perhaps better than any other. hence his vehement opposition to istihsdn. perhaps due to our preoccupation with Schacht's findings. And we tend to minimize. For Shafi'i succeeded neither in ejecting ra'y from the domain of legal reasoning nor. The studies of Schacht. another competing movement stressing the role of traditions was already on the rise. During the decades after his death. half-way between the crude beginnings during the very first decades of the 8th century and the final formation of the legal schools at the beginning of the 10th. Shafi'i regulates ray in . While he unconditionally rejected ra'y and insisted on the overriding authority of the Qur'an and Prophetic Sunna. and by far more influential. in consequence. By the time Shafici.92Dawud. Architect of Islamic Jurisprudence? v 597 Turning back to the earlier centuries will shed further light on the question of why Shafici's theory. appeared on the scene.93 There emerges here a clear pattern: Shafi'i's predecessors make recourse to their ra'y with. is the rise of the anti-ra'y movement represented by Ibn Hanbal and Dawud ibn Khalaf al-Zahiri. But by the middle of that century. under different guises. It has been little emphasized since Goldziher's death that the 9th century was as dynamic and as crucial as the 8th in the history of Islamic jurisprudence. Goldziher. as we can glean from his positive law. failed to arouse the interest of his followers for nearly a century and why the flourishing of usul al-fiqh came only after a century after the demise of its supposed founder. and others have shown that the 8th century started with an overwhelming movement towards human reasoning. which saw the initial stages of the development of Islamic law and jurisprudence. as an independent scholar. among others. This is precisely where Shafi'i was his own jurist. most of the Hanafites and no doubt the Mu'tazilites continued to uphold. they went much further in their emphasis on the centrality of scripture and on the repugnant nature of reasoning.but by no means exclusive. element in the law. If anything.Al-Shafici. Shaybani's positive law exhibits. more or less. rejected it categorically. where hadiths constitute an important. But their positions on reasoning. the consequential role of the legal movements in the 9th century and their impact on Islamic legal theory and positive law in the centuries that followed. the movement of ahl al-ra'y was beginning to decline. Ra9y as an expression of rationalist and utilitarian tendencies was to be wholly expunged. commonly known as ra'y. as innovative as it may have been. on the other hand. unless it was absolutely necessary. little attention to the Sunna. were by no means identical. While both approved of Shafi'i. in rendering the Prophetic Sunna unconditionally admissible. Shafi'i in no way represented the culmination of Islamic law and jurisprudence. To be sure. this stage of development. the role of human reason in the law. and this was due to the rapid increase in the volume of Prophetic traditions that have infiltrated legal doctrines. We begin with the 8th century. perhaps the best legal indicator to measure their tendencies. did not favor the practice of qiyas. the ultimate sources of the law become the Qur'an and the Sunna. as we have seen. he stood somewhere in the middle of the formative period. In Shafi'i. A more significant development after Shafi'i. Ibn Hanbal. he salvaged certain elements of ra'y and molded them into arguments that may be used in the law only insofar as they derive their premises from revelation.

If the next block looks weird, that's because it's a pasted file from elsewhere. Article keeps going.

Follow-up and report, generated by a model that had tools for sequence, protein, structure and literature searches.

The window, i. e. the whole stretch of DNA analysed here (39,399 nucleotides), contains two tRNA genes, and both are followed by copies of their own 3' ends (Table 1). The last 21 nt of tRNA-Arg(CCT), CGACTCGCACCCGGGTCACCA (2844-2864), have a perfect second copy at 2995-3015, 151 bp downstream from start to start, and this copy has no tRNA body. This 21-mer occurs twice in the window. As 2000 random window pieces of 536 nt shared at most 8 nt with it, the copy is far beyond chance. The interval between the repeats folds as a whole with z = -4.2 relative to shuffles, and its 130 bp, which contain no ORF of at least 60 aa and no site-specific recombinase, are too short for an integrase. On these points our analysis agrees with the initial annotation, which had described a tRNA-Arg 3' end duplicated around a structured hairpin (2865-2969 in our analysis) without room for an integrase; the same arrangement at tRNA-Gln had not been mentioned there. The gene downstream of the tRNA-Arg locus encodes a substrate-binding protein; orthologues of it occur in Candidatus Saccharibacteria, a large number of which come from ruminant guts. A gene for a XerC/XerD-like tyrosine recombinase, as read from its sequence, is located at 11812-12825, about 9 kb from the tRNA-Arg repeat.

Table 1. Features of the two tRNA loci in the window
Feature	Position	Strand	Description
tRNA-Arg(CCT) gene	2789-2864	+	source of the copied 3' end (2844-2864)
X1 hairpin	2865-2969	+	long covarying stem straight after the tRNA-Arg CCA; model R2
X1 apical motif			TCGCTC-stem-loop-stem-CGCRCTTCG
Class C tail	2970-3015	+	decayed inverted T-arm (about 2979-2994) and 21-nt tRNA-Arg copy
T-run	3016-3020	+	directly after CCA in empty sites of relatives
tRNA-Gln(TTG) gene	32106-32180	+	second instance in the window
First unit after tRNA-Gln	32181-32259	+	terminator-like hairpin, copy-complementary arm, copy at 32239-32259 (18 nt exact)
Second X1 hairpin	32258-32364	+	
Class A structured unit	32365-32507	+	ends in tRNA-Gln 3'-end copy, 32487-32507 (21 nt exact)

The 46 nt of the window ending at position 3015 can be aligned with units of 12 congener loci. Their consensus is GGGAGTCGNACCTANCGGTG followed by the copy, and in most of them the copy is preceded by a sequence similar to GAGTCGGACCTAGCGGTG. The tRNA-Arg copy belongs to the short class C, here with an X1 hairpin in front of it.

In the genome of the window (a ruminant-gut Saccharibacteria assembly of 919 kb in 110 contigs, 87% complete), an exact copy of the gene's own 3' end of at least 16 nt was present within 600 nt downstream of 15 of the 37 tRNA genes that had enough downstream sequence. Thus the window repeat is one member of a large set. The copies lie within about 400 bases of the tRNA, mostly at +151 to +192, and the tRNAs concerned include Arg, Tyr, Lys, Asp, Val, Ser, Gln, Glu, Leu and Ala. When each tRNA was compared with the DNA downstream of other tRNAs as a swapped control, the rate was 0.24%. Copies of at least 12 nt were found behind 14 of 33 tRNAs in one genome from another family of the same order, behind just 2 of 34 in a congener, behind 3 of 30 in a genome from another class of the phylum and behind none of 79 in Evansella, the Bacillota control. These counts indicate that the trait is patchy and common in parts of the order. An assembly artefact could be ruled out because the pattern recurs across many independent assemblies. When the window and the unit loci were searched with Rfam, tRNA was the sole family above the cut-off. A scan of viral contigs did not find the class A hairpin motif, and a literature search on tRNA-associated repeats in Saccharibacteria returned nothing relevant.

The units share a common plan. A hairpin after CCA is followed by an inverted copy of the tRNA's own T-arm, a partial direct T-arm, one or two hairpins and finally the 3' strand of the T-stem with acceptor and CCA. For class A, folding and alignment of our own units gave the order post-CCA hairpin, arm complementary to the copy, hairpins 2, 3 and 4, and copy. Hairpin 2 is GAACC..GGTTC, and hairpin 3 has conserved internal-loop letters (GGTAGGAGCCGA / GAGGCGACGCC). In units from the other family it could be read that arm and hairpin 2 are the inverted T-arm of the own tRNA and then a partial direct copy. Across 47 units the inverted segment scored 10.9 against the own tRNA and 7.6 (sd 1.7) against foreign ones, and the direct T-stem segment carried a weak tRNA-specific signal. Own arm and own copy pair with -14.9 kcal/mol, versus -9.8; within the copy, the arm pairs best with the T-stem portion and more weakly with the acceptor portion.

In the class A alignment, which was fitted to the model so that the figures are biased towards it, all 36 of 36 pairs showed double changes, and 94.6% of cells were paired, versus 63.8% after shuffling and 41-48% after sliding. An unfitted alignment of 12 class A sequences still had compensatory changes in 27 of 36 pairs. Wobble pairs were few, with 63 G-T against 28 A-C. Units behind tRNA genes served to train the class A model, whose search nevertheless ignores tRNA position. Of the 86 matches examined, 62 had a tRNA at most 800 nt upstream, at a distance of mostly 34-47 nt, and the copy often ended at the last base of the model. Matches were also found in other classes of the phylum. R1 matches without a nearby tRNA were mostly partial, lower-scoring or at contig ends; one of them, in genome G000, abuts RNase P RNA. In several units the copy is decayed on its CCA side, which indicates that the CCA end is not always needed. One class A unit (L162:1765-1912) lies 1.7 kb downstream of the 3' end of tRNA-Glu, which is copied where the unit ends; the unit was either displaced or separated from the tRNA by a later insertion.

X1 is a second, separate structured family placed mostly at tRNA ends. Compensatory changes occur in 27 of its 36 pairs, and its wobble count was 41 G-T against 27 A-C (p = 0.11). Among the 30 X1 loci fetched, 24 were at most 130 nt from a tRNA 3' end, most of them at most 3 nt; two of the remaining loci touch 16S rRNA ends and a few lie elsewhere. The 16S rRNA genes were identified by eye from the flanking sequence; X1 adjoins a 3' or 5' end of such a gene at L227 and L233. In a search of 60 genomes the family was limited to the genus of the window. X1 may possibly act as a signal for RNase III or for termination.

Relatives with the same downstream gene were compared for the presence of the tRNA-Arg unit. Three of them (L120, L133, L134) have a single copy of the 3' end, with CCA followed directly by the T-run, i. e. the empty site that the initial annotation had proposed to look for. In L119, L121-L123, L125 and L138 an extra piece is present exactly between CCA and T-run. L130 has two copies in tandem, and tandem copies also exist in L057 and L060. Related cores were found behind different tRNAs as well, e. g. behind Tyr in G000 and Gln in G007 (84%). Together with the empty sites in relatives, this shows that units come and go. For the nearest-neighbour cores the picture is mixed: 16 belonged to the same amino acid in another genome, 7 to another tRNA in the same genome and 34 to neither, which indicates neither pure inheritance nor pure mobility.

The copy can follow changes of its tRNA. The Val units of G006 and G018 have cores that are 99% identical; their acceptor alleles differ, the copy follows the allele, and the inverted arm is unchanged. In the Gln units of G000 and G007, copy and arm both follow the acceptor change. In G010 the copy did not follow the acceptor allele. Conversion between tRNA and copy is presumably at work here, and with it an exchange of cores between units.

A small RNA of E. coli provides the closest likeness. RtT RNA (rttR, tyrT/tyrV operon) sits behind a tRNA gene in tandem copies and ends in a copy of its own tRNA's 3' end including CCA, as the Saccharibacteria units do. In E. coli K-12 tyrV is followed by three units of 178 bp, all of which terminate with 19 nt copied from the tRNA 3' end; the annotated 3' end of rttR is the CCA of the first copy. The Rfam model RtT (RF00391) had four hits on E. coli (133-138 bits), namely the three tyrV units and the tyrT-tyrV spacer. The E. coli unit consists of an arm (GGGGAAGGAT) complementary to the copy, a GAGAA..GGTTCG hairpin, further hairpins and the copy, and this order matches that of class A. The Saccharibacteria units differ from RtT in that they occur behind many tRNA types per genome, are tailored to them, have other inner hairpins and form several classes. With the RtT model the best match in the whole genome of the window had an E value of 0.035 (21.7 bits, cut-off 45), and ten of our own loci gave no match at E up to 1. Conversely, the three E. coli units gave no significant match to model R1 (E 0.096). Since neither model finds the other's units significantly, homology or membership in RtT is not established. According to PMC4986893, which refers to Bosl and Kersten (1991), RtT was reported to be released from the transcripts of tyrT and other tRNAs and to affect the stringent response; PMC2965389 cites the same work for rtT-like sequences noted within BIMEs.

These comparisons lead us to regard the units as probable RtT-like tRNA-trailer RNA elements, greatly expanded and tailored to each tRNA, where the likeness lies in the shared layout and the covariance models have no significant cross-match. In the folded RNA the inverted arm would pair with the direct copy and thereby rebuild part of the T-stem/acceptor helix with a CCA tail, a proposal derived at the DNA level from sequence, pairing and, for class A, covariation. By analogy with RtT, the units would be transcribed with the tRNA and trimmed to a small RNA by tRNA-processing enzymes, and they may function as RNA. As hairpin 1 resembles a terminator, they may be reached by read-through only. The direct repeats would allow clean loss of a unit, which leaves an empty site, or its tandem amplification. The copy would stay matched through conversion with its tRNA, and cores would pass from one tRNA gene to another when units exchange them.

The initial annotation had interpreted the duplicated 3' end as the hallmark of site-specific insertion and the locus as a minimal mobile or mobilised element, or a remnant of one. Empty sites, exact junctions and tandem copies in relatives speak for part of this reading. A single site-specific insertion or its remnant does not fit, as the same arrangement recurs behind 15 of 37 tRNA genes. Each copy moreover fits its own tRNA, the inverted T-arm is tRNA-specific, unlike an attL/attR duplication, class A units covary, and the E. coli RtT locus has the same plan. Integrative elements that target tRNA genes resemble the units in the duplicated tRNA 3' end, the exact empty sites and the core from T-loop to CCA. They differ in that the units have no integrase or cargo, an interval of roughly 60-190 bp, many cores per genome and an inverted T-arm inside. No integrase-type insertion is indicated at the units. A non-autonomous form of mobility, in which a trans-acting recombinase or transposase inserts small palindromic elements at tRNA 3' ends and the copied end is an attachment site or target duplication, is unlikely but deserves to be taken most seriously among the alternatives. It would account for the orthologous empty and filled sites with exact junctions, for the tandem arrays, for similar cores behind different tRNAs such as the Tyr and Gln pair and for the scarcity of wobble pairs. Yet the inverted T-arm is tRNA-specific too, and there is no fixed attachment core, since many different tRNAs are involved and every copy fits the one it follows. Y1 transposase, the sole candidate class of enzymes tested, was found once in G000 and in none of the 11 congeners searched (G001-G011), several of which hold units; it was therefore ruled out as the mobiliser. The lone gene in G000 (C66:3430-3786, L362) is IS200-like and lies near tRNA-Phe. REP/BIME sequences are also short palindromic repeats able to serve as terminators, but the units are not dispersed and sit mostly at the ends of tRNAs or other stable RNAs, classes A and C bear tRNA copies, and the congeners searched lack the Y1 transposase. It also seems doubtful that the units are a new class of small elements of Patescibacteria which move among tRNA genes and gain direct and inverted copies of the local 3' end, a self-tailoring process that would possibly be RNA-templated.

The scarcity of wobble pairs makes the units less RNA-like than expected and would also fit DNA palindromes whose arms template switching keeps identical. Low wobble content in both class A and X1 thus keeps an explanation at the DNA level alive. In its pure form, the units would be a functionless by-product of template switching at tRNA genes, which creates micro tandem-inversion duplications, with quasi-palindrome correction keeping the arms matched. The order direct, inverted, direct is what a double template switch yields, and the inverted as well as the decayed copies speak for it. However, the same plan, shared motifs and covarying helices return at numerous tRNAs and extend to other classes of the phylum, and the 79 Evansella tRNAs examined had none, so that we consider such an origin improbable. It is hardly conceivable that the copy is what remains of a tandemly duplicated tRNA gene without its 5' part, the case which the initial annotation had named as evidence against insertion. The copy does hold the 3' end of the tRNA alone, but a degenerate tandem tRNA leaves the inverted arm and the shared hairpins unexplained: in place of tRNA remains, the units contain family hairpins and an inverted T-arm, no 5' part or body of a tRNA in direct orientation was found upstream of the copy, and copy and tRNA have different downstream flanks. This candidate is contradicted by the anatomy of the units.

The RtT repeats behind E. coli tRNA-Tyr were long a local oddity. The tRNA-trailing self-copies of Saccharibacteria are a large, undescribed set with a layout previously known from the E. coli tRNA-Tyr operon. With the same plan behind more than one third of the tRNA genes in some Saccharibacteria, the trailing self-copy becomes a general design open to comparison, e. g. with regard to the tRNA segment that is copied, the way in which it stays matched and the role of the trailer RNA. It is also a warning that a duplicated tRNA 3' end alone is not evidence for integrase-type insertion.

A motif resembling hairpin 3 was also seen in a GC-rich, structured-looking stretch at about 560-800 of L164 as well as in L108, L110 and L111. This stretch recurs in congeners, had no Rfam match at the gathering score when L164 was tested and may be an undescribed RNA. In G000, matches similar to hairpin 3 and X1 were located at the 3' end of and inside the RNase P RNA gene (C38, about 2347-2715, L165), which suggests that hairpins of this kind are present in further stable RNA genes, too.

and we have no evidence that they studied under him more than some fiqh and hadith. who did not follow his teachings and who had their own agendas. and in any case he was deemed to have diverged from the path of Shafi'i. without this entailing a contradiction in terms. the traditionalist camp also was compelled to make some concessions. His followers who had died by 912 but who did not know him in person.If we go by Subki. tending more to rationality than to hadith. Hallaq the form of qiyas and assigns it a role subsidiary to that of the revealed sources although it remains an essential part of his methodology. In both time and doctrine.96Many others were merely associated with Shafi'i. It is significant that those who did not make these concessions.94 With the death of Shafici and for long thereafter. Shafici's position is located in the middle between the early ra'y libertinism and the later Zahirite conservatism.598 Wael B. were ultimately doomed to extinction.95 we find that the list of Shafi'i's associates (ashdb) did not exceed 41. Abu Thawr (d. they were to conceptualize legal theory as a .98 The rapid growth of the Shafi'ite school coincided with the emergence of the aforementioned compromise between the traditionalists and the rationalists. not to have been so faithful to the teachings of the master. and that must have taken place sometime between the death of Dawud al-Zahiri and the generation of Abu Bakr alSayrafi. 912-1009). faqihs. He. Dawud completely rejects it in favor of a literal reading of the Qur'an and the Sunna. 854). and he would rather do without it. which resulted in usuiil al-fiqh's being finally defined. were to ignore their eponym's dislike for qiyas. usul1al-fiqh could not have become normative prior to the beginning of the 10th century. after the mihna. the rationalist movement began to experience a process of decline.99 turns out. including such jurists as Ibn Hanbal.97This is to be contrasted by the number of his followers who died in the fourth hijri century (A. and Ibn Rahawayh. the authorof the most comprehensive biographical work on the Shafi'ites. Muzani. both in The most importantof Shafi'i's immediate disciples positive law and legal theory.100 It was not until Ibn Surayj and the generation of his younger contemporaries that the traditionalist-rationalist compromise manifested itself. after all. Contraryto the pattern according to which traditionalism had evolved in the 9th century. particularly. and they were compelled to submit to the divine decree as the first and last judge of human shar'l affairs. From this point on. Shafi'i's rudimentarythesis was not well supported and none of his students appears to have defended it. On the other side. as is well known. who was most likely to have carried on Shafi'i's mission. but only in one sense: they could no longer afford to ignore the scripture as the exclusive foundation of the law. and their legal methodology was to become virtually interchangeable with that of the other schools' proponents. such as the ultratraditionalistHashwiyya and the Zahirites. numbered only 31. as we have seen. the rationalists were drawing closer to the traditionalists. among others. Soon the Hanbalites. Being the ultimate synthesis of revelation and systematic human reasoning. Shafi'i's middle-of-the-road thesis had relatively few supporters. which reached the astounding figure of 171. and speculative theologians. were muhaddiths. and his disciples.D. then. And as such. 'Abd al-Hakam al-Misri. was. Ibn Hanbal seldom resorts to qiyas.